The wordswords about a child, a child that had defied House's logic at every turn and who wasn't really a child at allgave House an idea.
A wonderful, horrible, awful idea.
"What do you mean, I'm not allowed to biopsy her brain?" House snapped.
Momokura carefully slid the paperworkpaperwork that would have been fully in order had he just signed on the damned dotted linesback to House over the smooth surface of his desk.
"We want you to cure her, not cripple her," Momokura deadpanned.
"But a biopsy is the only way I'll figure out if the problem is neurological!"
"Not while there are still other avenues of possibility, it won't. You have only ruled out cancer and autoimmune disorders," Momokura said. He pushed his glasses farther up the bridge of his nose, sniffing in the process. "We did as much ourselves."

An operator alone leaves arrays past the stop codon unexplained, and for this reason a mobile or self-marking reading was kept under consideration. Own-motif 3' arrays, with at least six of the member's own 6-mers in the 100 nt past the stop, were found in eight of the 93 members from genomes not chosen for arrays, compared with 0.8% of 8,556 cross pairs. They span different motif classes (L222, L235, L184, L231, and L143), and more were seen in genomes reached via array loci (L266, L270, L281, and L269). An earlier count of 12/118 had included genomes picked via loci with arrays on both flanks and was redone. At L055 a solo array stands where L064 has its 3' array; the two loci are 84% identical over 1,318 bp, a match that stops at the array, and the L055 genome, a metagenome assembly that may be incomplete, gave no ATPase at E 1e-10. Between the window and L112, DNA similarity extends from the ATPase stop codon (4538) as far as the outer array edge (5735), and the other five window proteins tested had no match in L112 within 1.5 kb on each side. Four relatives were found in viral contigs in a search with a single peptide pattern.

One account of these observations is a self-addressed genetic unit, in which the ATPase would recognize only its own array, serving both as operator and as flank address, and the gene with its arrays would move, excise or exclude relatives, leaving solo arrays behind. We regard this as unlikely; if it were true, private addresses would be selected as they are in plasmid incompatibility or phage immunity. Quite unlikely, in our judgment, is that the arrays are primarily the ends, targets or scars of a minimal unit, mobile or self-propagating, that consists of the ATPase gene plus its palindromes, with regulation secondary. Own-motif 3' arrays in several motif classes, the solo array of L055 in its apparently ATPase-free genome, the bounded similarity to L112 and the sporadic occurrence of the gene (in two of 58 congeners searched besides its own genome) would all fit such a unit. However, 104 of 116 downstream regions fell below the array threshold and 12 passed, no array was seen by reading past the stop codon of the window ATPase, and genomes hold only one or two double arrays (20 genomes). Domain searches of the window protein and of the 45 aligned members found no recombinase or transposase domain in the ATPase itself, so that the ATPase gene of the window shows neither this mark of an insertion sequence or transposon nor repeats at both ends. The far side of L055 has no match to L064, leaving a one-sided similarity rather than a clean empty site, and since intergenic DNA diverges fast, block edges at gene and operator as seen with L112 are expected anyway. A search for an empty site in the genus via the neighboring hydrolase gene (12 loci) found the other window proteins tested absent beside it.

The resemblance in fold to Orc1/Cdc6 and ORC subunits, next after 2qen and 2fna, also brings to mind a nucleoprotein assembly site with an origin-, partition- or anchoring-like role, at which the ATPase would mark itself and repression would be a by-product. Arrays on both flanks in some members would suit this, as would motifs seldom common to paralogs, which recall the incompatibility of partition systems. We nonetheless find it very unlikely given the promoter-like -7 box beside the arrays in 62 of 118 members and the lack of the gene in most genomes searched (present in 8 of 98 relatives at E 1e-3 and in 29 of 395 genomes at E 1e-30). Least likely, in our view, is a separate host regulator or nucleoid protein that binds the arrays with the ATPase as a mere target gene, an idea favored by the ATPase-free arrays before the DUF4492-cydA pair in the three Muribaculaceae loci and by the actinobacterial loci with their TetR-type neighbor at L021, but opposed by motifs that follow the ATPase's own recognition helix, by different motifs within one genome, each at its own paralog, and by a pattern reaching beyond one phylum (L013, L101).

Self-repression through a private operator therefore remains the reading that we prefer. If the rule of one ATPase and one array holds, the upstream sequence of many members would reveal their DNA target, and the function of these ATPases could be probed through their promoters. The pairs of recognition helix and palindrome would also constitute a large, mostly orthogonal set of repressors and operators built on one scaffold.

"Yeah, and you also ruled out viral, which means a neurological disor"
Momokura's eyebrows shot up. "You trust our antibody panels?" he asked.
House went silent.
"How strange," the doctor mused. "You did not trust our cancer diagnosi, or our autoimmune battery to the point of redoing all of the tests yourself
" (at this point Momokura gave House a faux-puzzled smile) "
and yet here you are, ready to trust our antibody panels and skip over all possibility of a viral infection."
He steepled his fingers, leaning back in his chair to regard House with masked amusement.
"My, my," he said. "Have we really earned your trust so quickly?"
House didn't like being played. He liked doing it to other people, sure, but to have the same trick pulled on himself was